Thursday, April 16, 2015

Fashion Detour!

Take a look at my closet. Here's the shoe half of things:

And here's the clothing half of things:

I also have a dresser full of t-shirts, sweaters, cardigans, tops that won't wrinkle, and a few pairs of pants:

And of course, I also have a drawer reserved for clothes I secretly hate but can't seem to get rid of, including workout clothes that I never, ever, ever wear. There's also an AC adapter in there, but I can't explain that:

I don't think I have a lot clothes, at least not comparatively. I wouldn't say my closet or my dresser are jam-packed beyond what is considered healthy or normal. I do, however, see a huge problem with my clothing collection. 

I am in the middle of a fashion crisis. I look in my closet and my dresser, and I feel ambivalent about 90% of what I own. Most of it stays where it is 90% of the time; I do not live my life in those clothes. I have things that I have worn once or twice, and other things I have never worn at all. Truthfully, I could toss most of this stuff and I would never even miss it. Isn't that sad? 

Maybe the reason I don't wear a lot of my clothes is the questionable quality of most of it. For a long time, I bought all of my clothes from budget fashion emporiums, like Target, Old Navy, Forever 21, and H&M. A couple of years ago, I went to England for a month and went a little crazy at Topshop, Primark, and Dorothy Perkins. After many years of living in a fashion desert in Montana, I couldn't handle the sudden onslaught of cute clothes that I could actually afford. I bought a ton of polyester and rayon and viscose, shaped into trendy dresses and tops that cost me practically nothing. It was great at first, but not even three years later, I have one pair of shorts and two dresses left; all the rest of that stuff fell apart after a couple of washes. I also became aware of the real cost of the fast fashion I used to love so much. I learned about sweatshops and the living and working conditions of the people who make those clothes. I learned about the environmental toll of all those plastic-derived fabrics. I noticed that it's nearly impossible to dress in a way that is truly unique when all clothing stores have pretty much become homogeneous, offering all the same clothes in the slightest variations. The real reason I stopped shopping at Target and Old Navy? I got tired of bumping into people wearing all my clothes. 

I feel like I've become disillusioned. All my favorite fashion blogs (save a unique few) are touting all the latest trends, all the MUST HAVE items and hottest looks, and I don't care about any of that. For me, fashion is about self-expression more than anything. I don't care about trends. I don't care about flattering my figure or dressing appropriately for my age or keeping up with the hottest anything. I do love clothes and I love fashion, but I feel like the way I express that love has got to change. I've already sworn off fast fashion...I will continue to wear what I already have until it inevitably falls apart, but that is it. I've also been buying higher quality clothes from second hand stores and consignment shops, but it still doesn't feel like it's enough. So, I went out and bought myself something extra special:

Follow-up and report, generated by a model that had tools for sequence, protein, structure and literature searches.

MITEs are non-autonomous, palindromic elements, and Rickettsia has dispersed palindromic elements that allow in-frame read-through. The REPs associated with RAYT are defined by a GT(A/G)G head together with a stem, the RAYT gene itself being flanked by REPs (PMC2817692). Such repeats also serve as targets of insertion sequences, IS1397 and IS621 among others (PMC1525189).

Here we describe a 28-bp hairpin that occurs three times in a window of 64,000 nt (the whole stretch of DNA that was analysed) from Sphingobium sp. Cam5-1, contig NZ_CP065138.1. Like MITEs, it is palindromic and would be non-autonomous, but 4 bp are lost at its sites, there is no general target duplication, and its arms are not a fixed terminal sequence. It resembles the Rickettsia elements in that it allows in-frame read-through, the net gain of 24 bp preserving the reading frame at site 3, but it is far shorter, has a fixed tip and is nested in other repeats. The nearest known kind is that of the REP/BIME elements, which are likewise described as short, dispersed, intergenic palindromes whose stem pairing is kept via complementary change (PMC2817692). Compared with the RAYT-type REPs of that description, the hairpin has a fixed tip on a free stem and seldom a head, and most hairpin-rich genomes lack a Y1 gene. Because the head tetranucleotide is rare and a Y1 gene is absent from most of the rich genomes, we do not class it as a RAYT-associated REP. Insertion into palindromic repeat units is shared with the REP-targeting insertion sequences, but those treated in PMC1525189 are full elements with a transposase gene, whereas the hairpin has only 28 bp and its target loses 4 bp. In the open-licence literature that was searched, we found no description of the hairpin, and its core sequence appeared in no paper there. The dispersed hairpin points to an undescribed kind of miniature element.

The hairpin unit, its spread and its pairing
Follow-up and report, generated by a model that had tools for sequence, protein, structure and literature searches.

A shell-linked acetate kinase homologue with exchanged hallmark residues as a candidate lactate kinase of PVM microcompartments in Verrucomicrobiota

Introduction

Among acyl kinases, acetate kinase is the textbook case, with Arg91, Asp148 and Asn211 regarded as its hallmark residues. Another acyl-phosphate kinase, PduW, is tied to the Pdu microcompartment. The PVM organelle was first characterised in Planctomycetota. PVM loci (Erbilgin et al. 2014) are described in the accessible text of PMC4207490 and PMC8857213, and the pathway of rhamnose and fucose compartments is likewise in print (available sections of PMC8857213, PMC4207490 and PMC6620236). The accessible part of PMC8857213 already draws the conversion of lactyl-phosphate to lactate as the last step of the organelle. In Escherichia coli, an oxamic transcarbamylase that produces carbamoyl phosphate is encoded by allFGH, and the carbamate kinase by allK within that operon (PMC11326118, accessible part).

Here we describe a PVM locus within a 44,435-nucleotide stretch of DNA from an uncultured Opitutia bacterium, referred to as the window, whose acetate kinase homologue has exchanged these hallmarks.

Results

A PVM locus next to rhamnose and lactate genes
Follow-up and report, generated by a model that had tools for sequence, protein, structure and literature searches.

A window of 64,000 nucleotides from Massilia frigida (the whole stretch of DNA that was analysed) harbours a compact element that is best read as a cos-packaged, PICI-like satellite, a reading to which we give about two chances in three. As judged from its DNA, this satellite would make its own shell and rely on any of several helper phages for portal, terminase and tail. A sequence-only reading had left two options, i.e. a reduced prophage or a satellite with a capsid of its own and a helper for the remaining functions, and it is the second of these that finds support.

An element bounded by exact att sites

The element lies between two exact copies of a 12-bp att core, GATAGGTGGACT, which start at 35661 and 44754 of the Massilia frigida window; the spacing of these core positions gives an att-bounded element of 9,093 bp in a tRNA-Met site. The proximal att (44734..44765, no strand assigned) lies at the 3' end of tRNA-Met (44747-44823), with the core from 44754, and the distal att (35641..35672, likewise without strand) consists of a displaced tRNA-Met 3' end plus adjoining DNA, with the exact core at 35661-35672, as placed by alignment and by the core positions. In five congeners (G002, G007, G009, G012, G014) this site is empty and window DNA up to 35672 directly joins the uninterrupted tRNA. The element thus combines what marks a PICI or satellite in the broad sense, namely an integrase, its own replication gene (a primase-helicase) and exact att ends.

Yep, those are scissors! These are not just scissors, though; these are gold-handled Gingher fabric shears, and they are the most exciting thing I have bought in a long time. I have decided to start sewing again! I feel like this a good way to solve my fashion dilemmas: I can control the quality of my clothes as well as some of the costs, I can have a one-of-a-kind wardrobe, and I can develop a skill on top of everything. I'm not quite a beginner; I have a basic knowledge of sewing and I do use my sewing machine to alter clothes for myself and for my daughter. Even so, I have decided to give myself a refresher course in sewing, and will be starting with some real basic projects before diving into making clothes. Once I dive into making clothes, though, I plan to totally suck at it at first, and make lots and lots of mistakes before gradually getting better at it. It's going to be great! In the meantime, I will continue to write posts and share photos of outfits and general shenanigans as well as tales of my failures and successes as a round two beginner sewer. It's a slight change from what I've been doing, but I feel it's a good change, and I am so excited to get started!

For the curious: If you're wondering where this new direction is coming from, check out the book Overdressed: The Shockingly High Cost of Cheap Fashion by Elizabeth L. Cline. Be forewarned, though: It might make you hate your clothes, just a little. I have also discovered an amazing world of sewing blogs that have inspired the crap out of me and have made me believe I can actually make my own dresses. My favorites so far are LladybirdOonaballoona from Kalkatroona, and Tilly and the Buttons. I've added about five hundred sewing blogs to my Bloglovin' feed, but if you know of an awesome sewing blog I might be missing, please tell me all about it! I feel like I should also mention that my gorgeous Gingher fabric shears come from JoAnn's Fabric, bought with a nifty 50% off coupon; I would not have been able to afford them otherwise. I also bought a pair of pinking shears with another 50% off coupon, and a self-healing mat and rotary cutter that were both on sale for 50% off. If you're going to take up sewing, half off is the way to do it!

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